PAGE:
City Connects Coordinator Shannon Underwood needed a way to boost students’ morale in the middle of the COVID-19 pandemic.
Her students were back at Immaculate Conception Parish School in Revere, Mass., in person and full time. They were wearing masks, using hand sanitizer, and sitting behind plexiglass shields that had been attached to each of their desks. Afterschool programs had been cancelled because of Covid. And work with the school’s community partners had been curtailed.
So Underwood implemented the idea of naming a “Tiger of the Week,” a student who demonstrated excellence through service to others. Students get a certificate and a small trophy. A tiger is the school’s mascot.
“I wanted to incentivize random acts of kindness,” Underwood says.
Last month in Minneapolis, it was about 43 degrees, but the City Connects Coordinators there were still planning for summer.
In a summer fair held on Zoom, the coordinators met with community organizations to learn about programs that they can refer students to for academics, enrichment, and fun. This is especially important now, following the past year of pandemic-related social distancing and disruption.
Sharing information about these programs with families is a core part of the City Connects model. We know that to do well in school, students have to be well outside of school. That’s why we connect students to homework help and food assistance. It’s also why we connect them to arts and sports programs: enrichment outside of school, can help them thrive during school.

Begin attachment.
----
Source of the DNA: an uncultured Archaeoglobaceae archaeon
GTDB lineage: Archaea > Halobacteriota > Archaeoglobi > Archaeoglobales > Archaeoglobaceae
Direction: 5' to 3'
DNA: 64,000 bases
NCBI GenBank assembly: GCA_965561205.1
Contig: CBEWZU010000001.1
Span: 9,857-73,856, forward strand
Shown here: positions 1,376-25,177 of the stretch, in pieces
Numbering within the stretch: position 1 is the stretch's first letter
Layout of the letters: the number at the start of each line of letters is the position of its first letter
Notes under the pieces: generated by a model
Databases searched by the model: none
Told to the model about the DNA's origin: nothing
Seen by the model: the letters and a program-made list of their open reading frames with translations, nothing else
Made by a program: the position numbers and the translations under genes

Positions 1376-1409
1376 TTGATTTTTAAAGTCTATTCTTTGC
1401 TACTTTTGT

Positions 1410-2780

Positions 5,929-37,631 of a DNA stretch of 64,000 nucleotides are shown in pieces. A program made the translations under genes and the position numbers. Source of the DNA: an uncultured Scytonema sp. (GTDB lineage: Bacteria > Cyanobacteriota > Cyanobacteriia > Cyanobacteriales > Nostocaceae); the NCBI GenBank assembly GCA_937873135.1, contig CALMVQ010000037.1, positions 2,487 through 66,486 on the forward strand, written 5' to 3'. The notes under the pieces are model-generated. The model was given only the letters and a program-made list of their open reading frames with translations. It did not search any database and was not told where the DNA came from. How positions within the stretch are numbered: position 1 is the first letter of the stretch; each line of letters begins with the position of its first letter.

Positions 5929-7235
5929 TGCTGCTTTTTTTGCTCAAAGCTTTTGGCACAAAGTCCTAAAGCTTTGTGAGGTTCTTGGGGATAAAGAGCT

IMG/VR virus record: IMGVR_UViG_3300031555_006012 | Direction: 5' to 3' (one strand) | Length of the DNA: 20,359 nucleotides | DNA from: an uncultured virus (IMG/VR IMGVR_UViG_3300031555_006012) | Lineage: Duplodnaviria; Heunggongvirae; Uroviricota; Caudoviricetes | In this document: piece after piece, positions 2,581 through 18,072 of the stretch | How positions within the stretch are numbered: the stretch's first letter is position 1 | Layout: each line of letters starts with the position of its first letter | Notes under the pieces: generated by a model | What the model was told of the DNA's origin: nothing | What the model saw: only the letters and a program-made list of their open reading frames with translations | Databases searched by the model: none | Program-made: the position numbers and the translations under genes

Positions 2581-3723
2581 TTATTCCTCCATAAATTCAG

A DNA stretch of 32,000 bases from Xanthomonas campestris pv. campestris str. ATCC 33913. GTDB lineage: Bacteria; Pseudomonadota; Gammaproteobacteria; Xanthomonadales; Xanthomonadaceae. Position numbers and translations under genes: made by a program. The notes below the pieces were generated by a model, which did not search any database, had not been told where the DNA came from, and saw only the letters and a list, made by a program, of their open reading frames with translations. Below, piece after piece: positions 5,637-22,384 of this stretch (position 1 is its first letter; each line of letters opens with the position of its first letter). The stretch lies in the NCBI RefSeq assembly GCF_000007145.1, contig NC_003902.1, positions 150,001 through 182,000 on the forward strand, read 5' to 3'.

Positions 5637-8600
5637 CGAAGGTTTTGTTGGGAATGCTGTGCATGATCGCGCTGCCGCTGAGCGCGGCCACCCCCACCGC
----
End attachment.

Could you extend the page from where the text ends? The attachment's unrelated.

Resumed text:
Community organizations are essential in this effort. We connect these organizations with kids. And the organizations provide creative activities with unique elements for all children and for children with special needs. Among the Minnesota summer options coordinators are sharing:
“As we all know, for many young people, this past year has been the hardest of their lives.”
Students have endured everything from losing in-person contact with friends to falling into — or falling deeper into — poverty to the loss of loved ones who have died from Covid.
“So much has changed since all students were last in school full-time,” the Rennie Center adds. “Eight million people have slipped into poverty, and 14 percent of households with children are struggling with food insecurity. Meanwhile, mental health-related emergency department visits are up 24 percent for children and 31 percent for adolescents. We will be learning about the impact of COVID-19 on children for years to come. But what we know right now is that they need extra support.”